Dreams are a part of life, make no mistake. It is precisely the absence of dreams that makes the world we have to face these days on the news and in newspapers so grim and mean. We count on dreams. Not just our own. We count on the dreams of others, of children, to imagine a richer, sweeter, more harmonious, more thoughtful, more conscious world.

So artists have no choice but to take heart in their dreams, and their lives, and their work. To take heart in being an artist, being able to be an artist, that that is its own reward. To allow their dreams, and their lives, and their to flourish. To dream, and to become. To dream and to become their dreams.

And how do you do that? Reality check. You support yourself like everyone else. You don't look for appreciation, you appreciate it yourself. You don't look for recognition, you recognize yourself. Like everyone else. If being an artist is its own reward, than appreciate and recognize that you have been well rewarded. That you are lucky. That you are living your dream. Don't expect any more reward than that. This should all be pretty obvious, but it isn't. Somehow from the getgo fame, recognition, glory, success, are built into the definition of artist, and we all bought it. Again, it has nothing to do with excellence, it has to do with getting ahead, because all that stuff has never been a measure of excellence, even though we are being told it is. History tells us otherwise. History tells us that art happens in all kinds of strange places. Forget "outsider," whoever coined that one should be tarred and feathered. And put in a museum.

Reality check: support yourself. Believe in yourself. If you can do that, maybe you won't have to choose door number three. Maybe you can live to a ripe old age and die sitting in your garden in a straw hat. Now there's a dream!

Wednesday, February 07, 2007


My ten year old got it right off. REAL. To be or not to be REAL. Is it nobler to accept what is unacceptable or better to act the outrage we feel and fight it to the death to correct, change, or end it? Are there alternatives? Is this a fork in the road, a left or a right, or are there other ways to go? Of course that depends. Depends on the limits of the inquiry. Do we only have two choices, paper or plastic, and we have to choose one. Are we boxed in?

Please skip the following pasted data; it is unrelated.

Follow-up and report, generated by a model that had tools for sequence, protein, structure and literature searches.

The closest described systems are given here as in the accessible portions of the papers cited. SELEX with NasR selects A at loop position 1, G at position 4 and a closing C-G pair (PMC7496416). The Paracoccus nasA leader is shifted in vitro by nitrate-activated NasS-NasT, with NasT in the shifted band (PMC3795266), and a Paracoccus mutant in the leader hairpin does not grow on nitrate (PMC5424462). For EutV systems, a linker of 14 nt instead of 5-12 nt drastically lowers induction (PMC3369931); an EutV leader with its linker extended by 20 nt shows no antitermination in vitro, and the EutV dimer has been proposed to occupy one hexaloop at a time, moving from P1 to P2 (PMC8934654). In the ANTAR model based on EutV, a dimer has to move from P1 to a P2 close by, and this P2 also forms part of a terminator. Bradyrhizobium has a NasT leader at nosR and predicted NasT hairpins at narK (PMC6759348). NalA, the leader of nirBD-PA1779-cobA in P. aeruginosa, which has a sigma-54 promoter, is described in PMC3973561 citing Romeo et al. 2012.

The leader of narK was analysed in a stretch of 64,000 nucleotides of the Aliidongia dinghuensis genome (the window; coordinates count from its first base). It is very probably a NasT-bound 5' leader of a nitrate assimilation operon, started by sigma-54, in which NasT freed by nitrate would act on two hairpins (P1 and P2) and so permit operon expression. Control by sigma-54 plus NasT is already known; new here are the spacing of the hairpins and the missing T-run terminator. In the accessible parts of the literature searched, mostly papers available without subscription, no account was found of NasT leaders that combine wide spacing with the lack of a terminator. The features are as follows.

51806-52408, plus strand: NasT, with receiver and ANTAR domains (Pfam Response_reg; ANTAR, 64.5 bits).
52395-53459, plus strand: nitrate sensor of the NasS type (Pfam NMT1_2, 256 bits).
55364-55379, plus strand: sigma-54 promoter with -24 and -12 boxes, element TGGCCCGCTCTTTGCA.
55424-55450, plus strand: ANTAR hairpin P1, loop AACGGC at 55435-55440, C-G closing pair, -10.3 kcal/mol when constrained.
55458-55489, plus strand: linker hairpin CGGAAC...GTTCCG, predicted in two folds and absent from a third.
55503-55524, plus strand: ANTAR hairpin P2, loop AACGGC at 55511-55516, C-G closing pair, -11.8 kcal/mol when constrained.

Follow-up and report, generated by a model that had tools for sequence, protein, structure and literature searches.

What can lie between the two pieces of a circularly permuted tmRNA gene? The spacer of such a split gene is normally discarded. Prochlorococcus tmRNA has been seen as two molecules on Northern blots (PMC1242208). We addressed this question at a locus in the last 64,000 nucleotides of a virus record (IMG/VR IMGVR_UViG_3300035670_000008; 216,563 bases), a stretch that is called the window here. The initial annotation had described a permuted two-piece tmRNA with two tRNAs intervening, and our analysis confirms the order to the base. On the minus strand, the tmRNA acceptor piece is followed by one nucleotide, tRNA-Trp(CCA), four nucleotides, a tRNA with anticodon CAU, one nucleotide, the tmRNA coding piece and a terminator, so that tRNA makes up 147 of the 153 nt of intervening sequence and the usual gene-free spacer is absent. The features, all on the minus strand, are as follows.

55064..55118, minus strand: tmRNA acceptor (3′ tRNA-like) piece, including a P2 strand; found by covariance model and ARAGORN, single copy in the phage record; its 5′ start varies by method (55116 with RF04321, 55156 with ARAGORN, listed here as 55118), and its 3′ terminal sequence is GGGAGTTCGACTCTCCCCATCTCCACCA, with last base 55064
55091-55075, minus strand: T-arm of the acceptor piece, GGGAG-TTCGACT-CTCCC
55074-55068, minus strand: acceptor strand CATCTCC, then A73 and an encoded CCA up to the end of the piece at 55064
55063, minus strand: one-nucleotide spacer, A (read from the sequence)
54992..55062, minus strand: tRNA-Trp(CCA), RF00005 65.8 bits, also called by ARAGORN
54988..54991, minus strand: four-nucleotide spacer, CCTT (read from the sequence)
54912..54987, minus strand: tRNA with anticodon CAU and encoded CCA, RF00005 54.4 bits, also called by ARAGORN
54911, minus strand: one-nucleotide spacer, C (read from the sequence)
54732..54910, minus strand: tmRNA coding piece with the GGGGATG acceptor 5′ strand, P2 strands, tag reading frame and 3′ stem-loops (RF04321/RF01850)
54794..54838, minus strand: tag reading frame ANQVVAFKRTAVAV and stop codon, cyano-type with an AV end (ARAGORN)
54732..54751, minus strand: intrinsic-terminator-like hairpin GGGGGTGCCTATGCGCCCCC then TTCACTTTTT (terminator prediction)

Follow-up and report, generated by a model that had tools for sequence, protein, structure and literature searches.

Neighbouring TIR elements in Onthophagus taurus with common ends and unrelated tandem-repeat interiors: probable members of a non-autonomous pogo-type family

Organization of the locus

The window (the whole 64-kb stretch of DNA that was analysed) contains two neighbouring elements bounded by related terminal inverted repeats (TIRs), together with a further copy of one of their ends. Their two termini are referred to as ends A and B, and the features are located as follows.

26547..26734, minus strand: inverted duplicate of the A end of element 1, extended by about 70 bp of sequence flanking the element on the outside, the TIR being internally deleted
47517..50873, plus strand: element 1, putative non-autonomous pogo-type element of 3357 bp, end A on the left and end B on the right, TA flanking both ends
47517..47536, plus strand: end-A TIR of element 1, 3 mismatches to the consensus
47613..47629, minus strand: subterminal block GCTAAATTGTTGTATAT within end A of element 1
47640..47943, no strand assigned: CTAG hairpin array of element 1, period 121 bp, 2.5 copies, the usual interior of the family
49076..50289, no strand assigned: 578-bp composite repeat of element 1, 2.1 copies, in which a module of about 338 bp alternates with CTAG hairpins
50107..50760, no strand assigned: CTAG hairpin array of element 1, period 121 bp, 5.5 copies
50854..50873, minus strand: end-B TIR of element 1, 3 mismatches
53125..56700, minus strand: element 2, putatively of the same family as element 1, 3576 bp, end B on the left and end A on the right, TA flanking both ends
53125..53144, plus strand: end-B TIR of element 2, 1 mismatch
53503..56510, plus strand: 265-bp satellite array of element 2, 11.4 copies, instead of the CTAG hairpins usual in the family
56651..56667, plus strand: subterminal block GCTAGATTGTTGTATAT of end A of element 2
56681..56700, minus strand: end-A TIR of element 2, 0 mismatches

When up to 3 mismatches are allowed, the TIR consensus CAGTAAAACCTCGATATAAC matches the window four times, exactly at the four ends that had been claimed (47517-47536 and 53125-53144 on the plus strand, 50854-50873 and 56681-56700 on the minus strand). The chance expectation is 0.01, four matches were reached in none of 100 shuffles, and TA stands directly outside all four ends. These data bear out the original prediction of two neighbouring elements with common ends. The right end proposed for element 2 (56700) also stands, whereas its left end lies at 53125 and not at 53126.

And if we are boxed in what do we do? Hamlet didn't do so well, did he. He ended up choosing door number two. What would a Christian do? A Buddhist? An Muslim? Is this the light bulb joke? Is this some kind of joke? Is this the absurdity of life joke? What would the Existentialist do?

Is it real to be noble and let what is and has been be? The Buddhist would say so. It is not faking it to accept that this is life. There is not only no shame in suffering life's slings and arrows of outrageous fortune, there is indeed honor in it. Of course one person's on and so forth. We are each tested in our own way on this. We all have our own Achille's heel, and we all have our own price. Only we can know what those are.

Artists, of course, have also struggled with these choices. How to be an artist? It is potentially a long and painful ride. Many artists, many famous and successful artists, have made the most literal interpretation. The obvious one. The question that Shakespeare wasn't actually asking. Not really. They decided to actually not be. To end it. To die. To kill themselves. To cease to exist. What about this? Did any of this have to do with the fact that they were artists?

Why have so many artists ended their lives? Is there one thing in particular? For the longest time I was naive about this. I have always been so grateful to be an artist that it never occurred to me that any of these people found their lives so unbearable that they couldn't go on. I just didn't know. I knew the work. I respected their privacy.

How many artists have been satisfied with their work and what came of it. That is the thing. We make things, and if we make something good we want something good to come of it. But of course this just doesn't happen. We are lucky to make things, and if we make something very good, we are very lucky, and if something very good comes of that, well then, that is beyond what can be expected. We must then consider ourselves very fortunate. But over and over we find that even this is not enough for some artists. And what of this pain? Can an artist just be happy to be able to be, to be an artist, to be alive, and able to translate, express, celebrate that experience, or is it our ineluctable nature to want more?

And more will be forthcoming...